- They didn't have the opportunity or time during high school lessons
- They've realised how useful speaking a second language is
- They want to challenge themselves
Don't worry if you feel like you're starting too late!
Remember that the average university degree takes around 3 to 5 years. If you practice consistently day by day, that's more than enough time to seriously improve your Chinese language level.
There will be some differences in the way that classes are taught at a university and a private language school, for example:
- University classes will probably be more formal and involve more testing and exams.
- Language schools may offer different types of courses like exam preparation, conversational courses and more.
- A good language school is likely to be more expensive than a university course.
- Courses in university are likely to have more students per class.
- You will finish your university course with a diploma or certificate.
If you're not sure which one to choose, here are some ideas to consider:
- Language learning goals: Do you want to focus on more practical, conversational Chinese, Chinese for business etc.?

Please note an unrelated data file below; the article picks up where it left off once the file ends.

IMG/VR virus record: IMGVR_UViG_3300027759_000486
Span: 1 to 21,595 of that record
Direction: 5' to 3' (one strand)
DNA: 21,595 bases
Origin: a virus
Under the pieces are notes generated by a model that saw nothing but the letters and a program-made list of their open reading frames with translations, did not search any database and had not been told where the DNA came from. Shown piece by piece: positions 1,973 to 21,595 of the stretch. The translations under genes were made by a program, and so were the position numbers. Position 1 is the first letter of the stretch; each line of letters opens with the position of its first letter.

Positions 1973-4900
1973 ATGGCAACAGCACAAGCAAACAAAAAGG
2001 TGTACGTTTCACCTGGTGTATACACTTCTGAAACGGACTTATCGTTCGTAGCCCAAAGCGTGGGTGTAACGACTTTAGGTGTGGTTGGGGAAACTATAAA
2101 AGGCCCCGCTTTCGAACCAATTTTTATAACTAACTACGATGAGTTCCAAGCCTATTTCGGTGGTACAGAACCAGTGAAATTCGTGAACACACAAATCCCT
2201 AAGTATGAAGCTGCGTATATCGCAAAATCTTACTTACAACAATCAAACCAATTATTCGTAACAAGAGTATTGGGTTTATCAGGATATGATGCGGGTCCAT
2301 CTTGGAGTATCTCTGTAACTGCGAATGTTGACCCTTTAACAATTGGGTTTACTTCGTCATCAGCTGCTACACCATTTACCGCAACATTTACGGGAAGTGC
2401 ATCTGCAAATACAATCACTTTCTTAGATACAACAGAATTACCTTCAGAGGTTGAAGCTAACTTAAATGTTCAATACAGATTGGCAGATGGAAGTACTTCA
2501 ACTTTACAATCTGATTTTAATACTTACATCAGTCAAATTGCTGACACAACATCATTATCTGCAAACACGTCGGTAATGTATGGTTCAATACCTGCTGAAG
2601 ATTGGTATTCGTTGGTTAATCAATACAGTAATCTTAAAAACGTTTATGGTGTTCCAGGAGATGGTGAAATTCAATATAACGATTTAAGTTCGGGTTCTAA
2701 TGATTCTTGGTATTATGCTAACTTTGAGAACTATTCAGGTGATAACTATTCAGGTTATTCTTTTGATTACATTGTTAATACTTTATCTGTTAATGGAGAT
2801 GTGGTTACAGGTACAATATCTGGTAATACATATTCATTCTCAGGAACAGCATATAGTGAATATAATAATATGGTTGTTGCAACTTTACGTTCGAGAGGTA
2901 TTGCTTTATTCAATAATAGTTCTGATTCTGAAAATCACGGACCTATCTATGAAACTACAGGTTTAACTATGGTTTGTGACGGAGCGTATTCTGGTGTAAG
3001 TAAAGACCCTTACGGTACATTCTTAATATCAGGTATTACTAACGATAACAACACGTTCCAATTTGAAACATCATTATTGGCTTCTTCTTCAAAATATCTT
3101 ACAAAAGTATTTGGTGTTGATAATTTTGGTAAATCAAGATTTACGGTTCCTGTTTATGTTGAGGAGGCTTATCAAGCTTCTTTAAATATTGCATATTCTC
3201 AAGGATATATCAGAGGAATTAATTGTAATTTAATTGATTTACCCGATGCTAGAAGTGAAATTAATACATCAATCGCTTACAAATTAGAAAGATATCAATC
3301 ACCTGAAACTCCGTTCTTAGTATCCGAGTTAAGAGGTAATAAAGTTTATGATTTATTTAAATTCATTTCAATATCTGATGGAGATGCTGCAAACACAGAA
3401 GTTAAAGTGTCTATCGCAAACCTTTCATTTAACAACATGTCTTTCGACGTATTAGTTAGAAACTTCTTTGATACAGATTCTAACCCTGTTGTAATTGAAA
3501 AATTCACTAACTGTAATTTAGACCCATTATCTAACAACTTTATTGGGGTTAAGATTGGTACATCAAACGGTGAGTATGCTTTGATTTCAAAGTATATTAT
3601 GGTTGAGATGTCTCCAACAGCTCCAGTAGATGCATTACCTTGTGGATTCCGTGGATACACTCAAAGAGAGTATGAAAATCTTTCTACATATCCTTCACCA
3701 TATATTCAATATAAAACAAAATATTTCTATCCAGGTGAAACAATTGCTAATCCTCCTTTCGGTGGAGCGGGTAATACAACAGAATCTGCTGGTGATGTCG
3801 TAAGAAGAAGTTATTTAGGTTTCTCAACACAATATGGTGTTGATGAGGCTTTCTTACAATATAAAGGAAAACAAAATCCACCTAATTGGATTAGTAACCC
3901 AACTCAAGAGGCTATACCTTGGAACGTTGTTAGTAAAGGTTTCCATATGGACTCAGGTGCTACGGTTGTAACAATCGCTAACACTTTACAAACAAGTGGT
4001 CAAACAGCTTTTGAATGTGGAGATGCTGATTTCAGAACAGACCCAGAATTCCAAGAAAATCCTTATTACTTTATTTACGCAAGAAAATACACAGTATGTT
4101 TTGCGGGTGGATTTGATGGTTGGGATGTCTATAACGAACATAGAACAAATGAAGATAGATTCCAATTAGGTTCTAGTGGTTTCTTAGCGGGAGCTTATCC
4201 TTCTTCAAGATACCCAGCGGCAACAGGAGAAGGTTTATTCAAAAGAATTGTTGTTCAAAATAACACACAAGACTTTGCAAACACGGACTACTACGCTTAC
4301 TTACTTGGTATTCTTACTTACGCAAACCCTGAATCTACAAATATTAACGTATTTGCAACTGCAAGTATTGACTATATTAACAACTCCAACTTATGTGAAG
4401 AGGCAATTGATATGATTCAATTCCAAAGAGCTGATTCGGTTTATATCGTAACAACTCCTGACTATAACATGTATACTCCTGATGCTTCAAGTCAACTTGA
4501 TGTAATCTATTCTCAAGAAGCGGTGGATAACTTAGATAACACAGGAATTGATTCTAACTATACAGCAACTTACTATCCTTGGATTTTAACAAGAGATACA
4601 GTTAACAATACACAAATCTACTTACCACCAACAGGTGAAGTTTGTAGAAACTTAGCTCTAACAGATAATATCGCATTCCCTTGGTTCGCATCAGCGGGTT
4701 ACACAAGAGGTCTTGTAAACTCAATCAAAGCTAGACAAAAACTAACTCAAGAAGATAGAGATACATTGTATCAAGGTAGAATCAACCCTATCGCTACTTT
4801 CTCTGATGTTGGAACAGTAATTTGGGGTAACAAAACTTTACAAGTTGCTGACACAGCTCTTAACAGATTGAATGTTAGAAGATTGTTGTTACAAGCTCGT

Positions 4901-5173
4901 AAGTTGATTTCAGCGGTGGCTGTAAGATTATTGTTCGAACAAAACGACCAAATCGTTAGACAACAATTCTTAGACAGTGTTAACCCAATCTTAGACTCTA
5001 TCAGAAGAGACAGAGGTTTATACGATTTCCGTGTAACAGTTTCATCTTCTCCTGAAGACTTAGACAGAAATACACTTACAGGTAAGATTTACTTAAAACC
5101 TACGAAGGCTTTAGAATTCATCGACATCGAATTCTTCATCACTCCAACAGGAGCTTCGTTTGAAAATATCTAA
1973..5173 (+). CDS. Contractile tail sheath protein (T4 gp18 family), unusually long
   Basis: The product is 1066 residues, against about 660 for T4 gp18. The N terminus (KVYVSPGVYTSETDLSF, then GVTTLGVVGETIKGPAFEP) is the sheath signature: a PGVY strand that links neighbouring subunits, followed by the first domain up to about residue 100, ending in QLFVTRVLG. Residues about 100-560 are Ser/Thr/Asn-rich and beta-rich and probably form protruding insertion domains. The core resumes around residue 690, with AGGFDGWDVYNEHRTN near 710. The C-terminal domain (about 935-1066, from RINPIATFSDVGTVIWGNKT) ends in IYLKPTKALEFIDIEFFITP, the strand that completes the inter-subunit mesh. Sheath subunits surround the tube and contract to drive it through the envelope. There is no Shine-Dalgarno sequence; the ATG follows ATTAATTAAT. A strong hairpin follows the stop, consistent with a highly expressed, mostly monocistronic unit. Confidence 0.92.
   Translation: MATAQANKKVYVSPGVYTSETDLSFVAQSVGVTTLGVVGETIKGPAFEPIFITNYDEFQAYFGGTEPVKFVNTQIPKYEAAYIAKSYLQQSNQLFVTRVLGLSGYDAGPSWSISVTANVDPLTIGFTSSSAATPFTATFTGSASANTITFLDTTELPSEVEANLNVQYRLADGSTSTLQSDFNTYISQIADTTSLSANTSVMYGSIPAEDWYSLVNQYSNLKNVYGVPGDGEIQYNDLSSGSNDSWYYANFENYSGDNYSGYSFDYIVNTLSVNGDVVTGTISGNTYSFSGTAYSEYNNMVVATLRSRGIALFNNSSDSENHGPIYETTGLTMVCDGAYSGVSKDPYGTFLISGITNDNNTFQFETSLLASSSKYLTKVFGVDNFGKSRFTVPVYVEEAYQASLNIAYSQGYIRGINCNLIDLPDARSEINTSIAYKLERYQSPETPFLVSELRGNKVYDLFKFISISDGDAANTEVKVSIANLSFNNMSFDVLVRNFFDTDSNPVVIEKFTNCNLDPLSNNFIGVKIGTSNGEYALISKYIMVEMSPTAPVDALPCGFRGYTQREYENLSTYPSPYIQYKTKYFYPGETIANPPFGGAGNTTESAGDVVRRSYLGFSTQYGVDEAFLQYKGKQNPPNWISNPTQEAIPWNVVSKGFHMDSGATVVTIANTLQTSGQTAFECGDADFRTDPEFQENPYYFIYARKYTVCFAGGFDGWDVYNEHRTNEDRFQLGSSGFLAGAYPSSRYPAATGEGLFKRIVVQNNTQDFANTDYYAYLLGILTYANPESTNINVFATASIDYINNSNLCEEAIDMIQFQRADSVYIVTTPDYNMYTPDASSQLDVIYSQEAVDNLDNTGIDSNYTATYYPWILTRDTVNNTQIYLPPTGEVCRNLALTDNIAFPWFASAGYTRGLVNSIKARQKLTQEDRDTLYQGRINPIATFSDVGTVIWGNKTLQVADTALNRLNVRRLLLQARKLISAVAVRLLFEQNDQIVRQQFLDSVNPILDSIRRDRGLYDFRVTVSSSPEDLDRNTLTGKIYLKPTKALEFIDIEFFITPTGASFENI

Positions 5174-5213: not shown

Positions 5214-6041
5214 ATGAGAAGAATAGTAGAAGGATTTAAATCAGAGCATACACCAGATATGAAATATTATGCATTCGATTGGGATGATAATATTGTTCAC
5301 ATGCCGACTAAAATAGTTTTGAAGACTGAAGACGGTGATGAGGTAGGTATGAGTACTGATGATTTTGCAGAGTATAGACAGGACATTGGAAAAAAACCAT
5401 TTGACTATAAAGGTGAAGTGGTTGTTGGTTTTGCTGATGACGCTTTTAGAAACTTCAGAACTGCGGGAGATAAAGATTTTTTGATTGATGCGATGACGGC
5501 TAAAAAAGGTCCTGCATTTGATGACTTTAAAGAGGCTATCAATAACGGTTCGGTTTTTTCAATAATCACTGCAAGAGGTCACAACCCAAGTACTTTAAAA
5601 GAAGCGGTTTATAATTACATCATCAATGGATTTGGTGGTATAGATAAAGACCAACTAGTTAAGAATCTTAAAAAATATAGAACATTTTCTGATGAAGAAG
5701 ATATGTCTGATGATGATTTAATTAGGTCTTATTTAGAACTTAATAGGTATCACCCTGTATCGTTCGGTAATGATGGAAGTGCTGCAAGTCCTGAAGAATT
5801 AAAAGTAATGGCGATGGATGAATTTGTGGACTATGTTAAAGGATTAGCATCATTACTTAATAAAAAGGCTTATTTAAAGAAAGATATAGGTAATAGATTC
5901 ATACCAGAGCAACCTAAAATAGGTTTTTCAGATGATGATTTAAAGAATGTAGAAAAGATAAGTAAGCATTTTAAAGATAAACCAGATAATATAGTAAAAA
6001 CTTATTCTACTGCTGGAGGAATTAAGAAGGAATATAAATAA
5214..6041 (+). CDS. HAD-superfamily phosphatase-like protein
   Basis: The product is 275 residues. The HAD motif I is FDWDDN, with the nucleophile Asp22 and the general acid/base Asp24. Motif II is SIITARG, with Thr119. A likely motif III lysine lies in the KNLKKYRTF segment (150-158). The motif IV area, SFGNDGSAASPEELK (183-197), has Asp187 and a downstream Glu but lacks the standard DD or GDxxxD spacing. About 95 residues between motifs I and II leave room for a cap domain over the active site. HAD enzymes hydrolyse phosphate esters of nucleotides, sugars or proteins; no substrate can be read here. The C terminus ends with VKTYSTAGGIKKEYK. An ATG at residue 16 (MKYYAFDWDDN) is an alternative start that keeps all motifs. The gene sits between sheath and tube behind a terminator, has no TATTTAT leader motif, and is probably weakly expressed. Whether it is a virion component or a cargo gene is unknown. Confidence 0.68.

- Class hours: Are you willing to commit to your course hours, or do you want to have flexibility?
- Costs: Of course neither type is free, but which type will cost more?
Chinese Classes at Any Age
We've broken down how to go about starting Chinese classes at different ages, but the truth is that anyone can start learning languages at any age.
It's not going to be easy, and it takes time and practice for beginners to memorise characters, vocabulary, grammar and tones, but if you're willing to do the work is required, you can seriously improve your ability.
The important thing is to try some different styles of study, and see which one works best for you. Some options you could try are:
- Classes at an adult education centre like CAE in Melbourne
- Self-study using a textbook, app or online system
- A course with a private tutor
- An exchange program in China
Self-study can be good as you can organise your schedule and work when you like. However, it can be difficult to find the motivation and you're not going to get much practice with native speakers.
It's easy to find a private tutor online with websites like Superprof.com, and you have total control over what and when you learn. Classes can sometimes be expensive, but that's usually because you're working with great native speakers who have good experience teaching.
Finally, intensive courses in China are available to people of all ages. You get to travel and learn about Chinese culture, then apply what you've learned immediately in day to day life. However, these programs can become expensive.
No matter your reasons for studying Chinese, you can start whenever you're ready or try some innovative ways of learning for your child. As long as you are motivated and want to improve, you can do anything! So get started today...
The platform that connects tutors and students